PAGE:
It's not only Luddites with dated technology habitually buying old cassettes, though. More often than CDs, local artists consigning music arrive with boxes of cassettes -- and they sell. In hip-hop, a "mixtape" usually means a digital release. For punk, especially in the Bay Area, "demo tape" indicates precisely that: a band's early raw recordings committed to cassette to build hype and gauge interest. Some customers search for new demo tapes first. When one sells out, I call bands and encourage them to restock.
The demo tape of scrappy new San Francisco punk trio Scrapers is long gone, and whispers about proper vinyl releases on trend-setting local imprints abound. Scrapers' demo tape isn't solely responsible for their buzz -- unhinged live shows help. But, the demo tape contains seven fully realized songs with no production value to speak of. Arguably, it's how Scrapers should be heard. Each instrument is completely separate in the mix and vocals soar above a primal thump and feedback caterwaul. "Liquid Lips" is a surreal, fever-dream lyrical spasm of sickening and evocative imagery. "Third Wheel" builds social ineptitude and self-deprecation into a violent outburst by its fiery climax. Vocalist Billy Schmidt's harsh monotone is present, intelligible and unadorned by effects. In this sense, next to a live show, the inherent low production value of a demo tape is the ideal vessel for Scrapers. Soon, of course, a label will suggest a studio for Scrapers, a maverick engineer will impose his signature tones, and "proper" records will see release. Yet, even following the debut EP, I might ask Scrapers to consign some more cassettes, because the format and recording methodology of a demo tape highlights their assets wonderfully.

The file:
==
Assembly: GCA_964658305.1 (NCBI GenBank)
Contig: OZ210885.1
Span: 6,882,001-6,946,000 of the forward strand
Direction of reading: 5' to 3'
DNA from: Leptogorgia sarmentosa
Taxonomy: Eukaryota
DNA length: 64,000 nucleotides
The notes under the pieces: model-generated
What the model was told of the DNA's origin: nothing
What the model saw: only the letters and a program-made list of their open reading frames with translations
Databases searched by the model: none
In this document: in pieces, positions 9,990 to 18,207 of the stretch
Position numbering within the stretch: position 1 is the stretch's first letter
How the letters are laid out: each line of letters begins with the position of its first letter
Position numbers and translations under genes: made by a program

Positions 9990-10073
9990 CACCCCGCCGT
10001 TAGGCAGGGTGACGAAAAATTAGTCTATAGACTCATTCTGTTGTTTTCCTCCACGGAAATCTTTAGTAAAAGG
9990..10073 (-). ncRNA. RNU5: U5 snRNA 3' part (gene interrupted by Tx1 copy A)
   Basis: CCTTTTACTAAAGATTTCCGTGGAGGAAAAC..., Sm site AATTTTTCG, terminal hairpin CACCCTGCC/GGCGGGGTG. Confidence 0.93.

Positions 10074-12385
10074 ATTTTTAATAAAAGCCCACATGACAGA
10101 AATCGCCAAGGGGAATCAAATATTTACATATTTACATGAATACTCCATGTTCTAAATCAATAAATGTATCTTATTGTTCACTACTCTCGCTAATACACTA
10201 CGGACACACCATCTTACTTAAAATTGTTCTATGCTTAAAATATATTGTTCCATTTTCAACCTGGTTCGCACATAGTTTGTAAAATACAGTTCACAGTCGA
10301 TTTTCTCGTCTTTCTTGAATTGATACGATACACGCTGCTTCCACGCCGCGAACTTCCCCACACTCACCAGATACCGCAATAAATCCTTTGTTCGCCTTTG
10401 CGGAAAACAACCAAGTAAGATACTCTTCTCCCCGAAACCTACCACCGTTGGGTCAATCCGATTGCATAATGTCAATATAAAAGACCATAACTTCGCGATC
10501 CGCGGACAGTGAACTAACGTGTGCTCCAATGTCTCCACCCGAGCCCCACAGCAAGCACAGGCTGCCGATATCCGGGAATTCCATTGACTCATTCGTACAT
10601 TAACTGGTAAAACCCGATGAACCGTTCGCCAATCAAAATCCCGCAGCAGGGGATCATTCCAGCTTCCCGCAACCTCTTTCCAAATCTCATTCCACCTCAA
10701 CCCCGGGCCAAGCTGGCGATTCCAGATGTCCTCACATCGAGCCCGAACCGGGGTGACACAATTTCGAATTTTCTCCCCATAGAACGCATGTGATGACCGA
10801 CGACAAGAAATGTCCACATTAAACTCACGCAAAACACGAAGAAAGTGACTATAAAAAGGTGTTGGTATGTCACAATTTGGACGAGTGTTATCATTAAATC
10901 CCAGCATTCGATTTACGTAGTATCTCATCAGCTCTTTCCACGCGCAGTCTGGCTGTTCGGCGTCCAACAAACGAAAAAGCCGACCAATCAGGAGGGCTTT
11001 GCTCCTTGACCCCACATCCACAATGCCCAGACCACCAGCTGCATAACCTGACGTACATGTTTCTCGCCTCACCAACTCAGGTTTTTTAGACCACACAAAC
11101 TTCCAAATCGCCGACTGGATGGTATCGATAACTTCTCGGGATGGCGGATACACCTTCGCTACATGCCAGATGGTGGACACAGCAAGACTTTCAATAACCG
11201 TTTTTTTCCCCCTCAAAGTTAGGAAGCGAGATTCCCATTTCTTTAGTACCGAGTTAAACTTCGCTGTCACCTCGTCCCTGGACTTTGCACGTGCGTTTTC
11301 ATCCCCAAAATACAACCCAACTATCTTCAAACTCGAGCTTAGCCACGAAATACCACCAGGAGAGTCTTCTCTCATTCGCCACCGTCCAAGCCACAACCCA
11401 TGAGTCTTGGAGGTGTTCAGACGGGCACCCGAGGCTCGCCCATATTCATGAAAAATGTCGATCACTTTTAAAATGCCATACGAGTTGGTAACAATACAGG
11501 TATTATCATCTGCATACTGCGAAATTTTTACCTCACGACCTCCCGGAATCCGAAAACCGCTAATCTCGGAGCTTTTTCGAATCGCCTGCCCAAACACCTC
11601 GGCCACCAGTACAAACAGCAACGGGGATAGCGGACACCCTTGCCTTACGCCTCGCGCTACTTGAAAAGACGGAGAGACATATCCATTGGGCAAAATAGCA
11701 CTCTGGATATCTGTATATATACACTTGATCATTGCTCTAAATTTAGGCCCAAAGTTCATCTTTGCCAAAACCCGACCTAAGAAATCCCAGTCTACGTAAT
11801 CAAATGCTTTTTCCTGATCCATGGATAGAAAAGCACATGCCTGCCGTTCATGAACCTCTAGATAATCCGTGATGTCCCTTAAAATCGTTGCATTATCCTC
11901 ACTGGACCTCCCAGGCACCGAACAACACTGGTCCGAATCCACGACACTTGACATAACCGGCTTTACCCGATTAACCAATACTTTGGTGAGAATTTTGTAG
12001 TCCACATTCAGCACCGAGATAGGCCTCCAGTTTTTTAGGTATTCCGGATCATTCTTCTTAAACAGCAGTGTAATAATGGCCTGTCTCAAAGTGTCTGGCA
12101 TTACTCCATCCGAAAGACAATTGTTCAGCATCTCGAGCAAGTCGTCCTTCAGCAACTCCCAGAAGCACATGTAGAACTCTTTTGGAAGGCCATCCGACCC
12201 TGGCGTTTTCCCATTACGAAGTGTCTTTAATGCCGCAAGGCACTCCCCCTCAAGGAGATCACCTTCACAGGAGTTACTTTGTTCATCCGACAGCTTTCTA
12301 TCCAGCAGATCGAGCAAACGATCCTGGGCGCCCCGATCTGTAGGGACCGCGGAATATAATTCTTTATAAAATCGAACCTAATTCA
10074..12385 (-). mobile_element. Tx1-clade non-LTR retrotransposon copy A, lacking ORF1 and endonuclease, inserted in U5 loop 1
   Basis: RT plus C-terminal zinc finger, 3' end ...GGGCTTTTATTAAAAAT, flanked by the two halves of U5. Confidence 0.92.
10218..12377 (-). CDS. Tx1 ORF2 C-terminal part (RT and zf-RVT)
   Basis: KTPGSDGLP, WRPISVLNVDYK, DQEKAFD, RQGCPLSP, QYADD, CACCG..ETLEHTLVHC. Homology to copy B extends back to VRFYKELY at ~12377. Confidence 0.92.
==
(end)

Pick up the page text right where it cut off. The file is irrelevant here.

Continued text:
The demo tape isn't valuable because of its innate sound quality, size or artwork options. Rather, the recording technique and production style employed to create one captures the uncalculated urgency of a live performance. Of course, even larger record labels are keen to the cassette resurgence and zealously capitalizing on the format's renewed commercial viability. Thus, repackaging older releases on cassette and selling them for nearly the price of a new LP is an alarming trend. It threatens to destroy consumers' rediscovered affinity for the format, much like the exorbitant cost of new CDs in the late '90s betrayed buyers who then began to download everything guilt-free, because why should greedy record labels exploit fandom?
We recently relegated CDs to a small shelf. There is now more space dedicated to new cassette tapes alone than the shimmering plastic discs, and I've learned not to suggest CDs to customers who don't ask for them. Analog loyalists' disdain is fearsome. My role is ultimately to peddle physical music, though. If doing so requires constant adjustment to consumers' preferences, I'll rearrange the shop and try not to offend anyone by suggesting a passé format.